• Your interest in the property is transferred to your spouse. You must consider any capital gain or loss you make in working out your net capital gain (or net capital losses carried forward to future years) on your tax return for that year.
    • Where the dealings are not arm's length, you are taken to have received the market value of the property for CGT purposes.

    For the transferee (the spouse who receives the asset transfer):

    • The property is transferred to you and you're taken to have acquired it at the time of transfer. You will make a capital gain or loss when you dispose of the property.
    • Where the dealings are not arm's length, you are taken to have acquired the property at market value for CGT purposes.
    • If you already had a legal interest in the property, you must calculate your capital gain or loss separately to the interest transferred from your spouse.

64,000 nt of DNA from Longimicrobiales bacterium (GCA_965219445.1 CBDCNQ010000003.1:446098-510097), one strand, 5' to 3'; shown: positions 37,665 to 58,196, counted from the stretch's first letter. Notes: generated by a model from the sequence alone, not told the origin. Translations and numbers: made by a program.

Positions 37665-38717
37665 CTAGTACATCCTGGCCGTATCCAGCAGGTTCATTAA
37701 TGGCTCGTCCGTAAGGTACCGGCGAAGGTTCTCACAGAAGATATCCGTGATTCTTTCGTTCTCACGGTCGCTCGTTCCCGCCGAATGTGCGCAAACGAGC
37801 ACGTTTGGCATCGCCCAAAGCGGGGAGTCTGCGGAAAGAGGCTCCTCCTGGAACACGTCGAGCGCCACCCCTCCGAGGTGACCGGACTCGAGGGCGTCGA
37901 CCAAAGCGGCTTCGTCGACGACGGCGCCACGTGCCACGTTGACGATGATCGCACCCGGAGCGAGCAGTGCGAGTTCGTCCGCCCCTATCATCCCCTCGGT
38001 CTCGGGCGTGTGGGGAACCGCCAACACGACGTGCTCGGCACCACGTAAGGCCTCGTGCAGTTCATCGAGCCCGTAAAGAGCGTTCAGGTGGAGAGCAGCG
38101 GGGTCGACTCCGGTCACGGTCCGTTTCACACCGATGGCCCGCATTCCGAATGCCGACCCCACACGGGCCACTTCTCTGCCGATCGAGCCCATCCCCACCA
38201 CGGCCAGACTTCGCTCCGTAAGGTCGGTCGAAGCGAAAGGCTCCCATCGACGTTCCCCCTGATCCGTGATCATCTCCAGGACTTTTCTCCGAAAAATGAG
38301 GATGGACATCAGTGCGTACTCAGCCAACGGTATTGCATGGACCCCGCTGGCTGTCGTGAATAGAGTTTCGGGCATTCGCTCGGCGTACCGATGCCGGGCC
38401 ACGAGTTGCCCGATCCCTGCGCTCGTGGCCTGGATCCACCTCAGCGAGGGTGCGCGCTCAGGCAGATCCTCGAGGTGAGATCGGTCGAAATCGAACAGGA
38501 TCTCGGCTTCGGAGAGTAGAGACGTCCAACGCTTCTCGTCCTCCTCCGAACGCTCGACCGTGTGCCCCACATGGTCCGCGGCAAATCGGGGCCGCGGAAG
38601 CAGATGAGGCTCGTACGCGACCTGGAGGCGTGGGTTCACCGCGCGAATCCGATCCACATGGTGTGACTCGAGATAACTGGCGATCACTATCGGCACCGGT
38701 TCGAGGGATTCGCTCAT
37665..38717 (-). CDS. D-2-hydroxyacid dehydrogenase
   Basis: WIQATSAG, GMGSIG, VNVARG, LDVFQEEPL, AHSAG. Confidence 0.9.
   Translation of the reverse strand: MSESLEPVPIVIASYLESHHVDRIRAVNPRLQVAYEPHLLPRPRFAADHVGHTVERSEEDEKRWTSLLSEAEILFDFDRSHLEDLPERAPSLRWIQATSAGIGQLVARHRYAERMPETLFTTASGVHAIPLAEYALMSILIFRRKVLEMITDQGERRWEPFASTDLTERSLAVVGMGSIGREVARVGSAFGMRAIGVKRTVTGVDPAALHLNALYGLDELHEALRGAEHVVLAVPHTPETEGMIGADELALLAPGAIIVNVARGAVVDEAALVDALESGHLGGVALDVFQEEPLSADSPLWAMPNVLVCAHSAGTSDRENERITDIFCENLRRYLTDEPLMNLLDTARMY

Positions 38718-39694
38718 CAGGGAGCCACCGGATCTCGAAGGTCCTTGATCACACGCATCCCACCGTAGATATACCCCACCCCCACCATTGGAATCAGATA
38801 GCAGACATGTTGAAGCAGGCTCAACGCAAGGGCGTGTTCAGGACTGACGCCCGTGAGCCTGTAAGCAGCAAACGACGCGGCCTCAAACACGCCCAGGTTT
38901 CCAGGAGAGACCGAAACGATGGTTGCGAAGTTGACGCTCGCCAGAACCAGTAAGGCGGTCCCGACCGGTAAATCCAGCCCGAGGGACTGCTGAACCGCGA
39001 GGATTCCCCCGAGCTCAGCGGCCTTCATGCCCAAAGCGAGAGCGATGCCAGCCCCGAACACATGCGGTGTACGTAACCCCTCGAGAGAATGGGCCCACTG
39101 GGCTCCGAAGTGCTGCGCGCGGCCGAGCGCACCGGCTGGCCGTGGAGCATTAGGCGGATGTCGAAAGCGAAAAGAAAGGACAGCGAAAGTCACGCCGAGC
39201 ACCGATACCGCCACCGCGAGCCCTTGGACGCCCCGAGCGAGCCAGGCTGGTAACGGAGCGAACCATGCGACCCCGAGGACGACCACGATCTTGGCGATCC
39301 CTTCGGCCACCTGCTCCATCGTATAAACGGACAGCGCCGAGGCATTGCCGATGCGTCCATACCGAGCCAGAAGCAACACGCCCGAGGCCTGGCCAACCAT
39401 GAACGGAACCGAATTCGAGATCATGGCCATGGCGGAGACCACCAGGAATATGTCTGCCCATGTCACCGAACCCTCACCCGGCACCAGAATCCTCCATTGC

Note: An arm's length dealing is where each party acts independently and without influence or control over the other. It is dependent on the nature of your relationship and the bargaining between you.

    To determine the property's market value at the time of transfer, you should obtain a professional market valuation.

    See also:

    Record keeping

    You must keep records relating to your ownership and all the costs of acquiring, holding, and disposing of property including:

    • contract of purchase and sale
    • stamp duty
    • major renovations.

    Make sure you have records from your spouse if you don't already have a copy, including records that show:

    • how and when they acquired the dwelling (or the interest in a dwelling)
    • its cost base when they transferred it to you
    • the extent (if any) to which it was used to produce income during their ownership period (for example, the periods when it was rented out or available for rent) and the proportion of the dwelling that was used for that purpose
    • the number of days (if any) it was their main residence during their ownership period.